When it comes to the modes of teaching within the classical tradition, there is mimetic and Socratic instruction. However, as I have continued to study classical teaching and writings from those steeped in this tradition -including Charlotte Mason- I have learned that there is another form of instruction that should be named and that is, narration.
When looked at closely, narration is a form of mimetic instruction and in my opinion, is the simplest way a student can hold a mirror up to nature before they even realize what they are doing.
To be clear and to the point, narration is practically, the expression of an experience.
The experience could have been a paragraph or chapter read or listened to from a book, a nature study lesson, or a picture study lesson. The expression is a telling back in one’s own words what they have just experienced. The expression is generally in words spoken or written, but could also be a variety activities or projects like acting out a scene from the book, drawing a picture, and the like.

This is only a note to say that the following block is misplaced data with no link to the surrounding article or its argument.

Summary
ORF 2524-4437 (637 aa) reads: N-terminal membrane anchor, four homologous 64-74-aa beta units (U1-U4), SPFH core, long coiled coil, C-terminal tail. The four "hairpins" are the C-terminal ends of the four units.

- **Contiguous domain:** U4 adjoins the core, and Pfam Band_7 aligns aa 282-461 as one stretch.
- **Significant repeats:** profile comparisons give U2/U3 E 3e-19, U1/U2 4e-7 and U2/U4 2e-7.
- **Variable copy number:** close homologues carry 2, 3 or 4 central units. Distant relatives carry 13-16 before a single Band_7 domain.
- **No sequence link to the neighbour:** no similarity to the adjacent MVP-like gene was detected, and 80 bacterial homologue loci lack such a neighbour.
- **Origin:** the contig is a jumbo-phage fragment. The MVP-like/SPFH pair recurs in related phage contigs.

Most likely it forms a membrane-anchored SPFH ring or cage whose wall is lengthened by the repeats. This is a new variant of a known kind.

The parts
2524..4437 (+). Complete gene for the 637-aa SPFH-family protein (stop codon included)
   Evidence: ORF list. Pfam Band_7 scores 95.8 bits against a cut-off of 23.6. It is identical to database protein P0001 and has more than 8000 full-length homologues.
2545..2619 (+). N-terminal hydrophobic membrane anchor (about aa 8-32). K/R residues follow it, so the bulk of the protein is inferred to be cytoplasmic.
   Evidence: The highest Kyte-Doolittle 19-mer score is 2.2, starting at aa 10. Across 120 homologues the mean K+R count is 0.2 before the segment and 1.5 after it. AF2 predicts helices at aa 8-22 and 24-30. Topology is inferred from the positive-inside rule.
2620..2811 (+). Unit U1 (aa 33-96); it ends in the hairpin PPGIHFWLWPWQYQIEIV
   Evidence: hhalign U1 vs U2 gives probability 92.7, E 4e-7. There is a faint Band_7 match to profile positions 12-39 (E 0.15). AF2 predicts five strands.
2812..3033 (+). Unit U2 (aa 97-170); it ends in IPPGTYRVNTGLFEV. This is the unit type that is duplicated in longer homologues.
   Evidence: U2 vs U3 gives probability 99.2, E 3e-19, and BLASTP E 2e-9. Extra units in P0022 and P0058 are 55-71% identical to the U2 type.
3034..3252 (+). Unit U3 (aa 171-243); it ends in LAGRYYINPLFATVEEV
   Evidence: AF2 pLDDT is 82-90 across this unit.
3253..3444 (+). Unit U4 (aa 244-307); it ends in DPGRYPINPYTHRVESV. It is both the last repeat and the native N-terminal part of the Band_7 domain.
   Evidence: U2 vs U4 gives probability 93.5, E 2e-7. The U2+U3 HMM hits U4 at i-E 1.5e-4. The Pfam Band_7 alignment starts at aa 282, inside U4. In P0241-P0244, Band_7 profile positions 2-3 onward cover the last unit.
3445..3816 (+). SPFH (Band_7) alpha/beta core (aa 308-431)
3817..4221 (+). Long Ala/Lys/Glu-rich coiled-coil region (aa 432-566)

The birth of narration as a form of instruction are found with Charlotte Mason, a classical educator who lived in Britain in the early 1900’s. Karen Glass, in her book, Consider This, tells us that Charlotte Mason studied the writings of the classical authors from Plato to Comenius to more Modern educational thinkers. Not only does Mrs. Glass say this, but Miss Mason tells us this throughout her 6 volume series on education and teaching. The predominant mode of teaching throughout all these writings is imitation, in one form, or another. It seems that narration, mimesis, and Socratic teaching are all applications of the same classical principle of imitation. It makes perfect sense then that narration closely relates with mimesis and Socratic instruction.
Much can be said about imitation, and I have only a couple thoughts about it at this point in my learning. Imitation is how we as humans hold a mirror up to nature. It is the process of taking something into our soul and then reflecting our version it back to God and to others. Our version may be any artifact we have the skill to create, a poem, painting, speech, a question, or something else.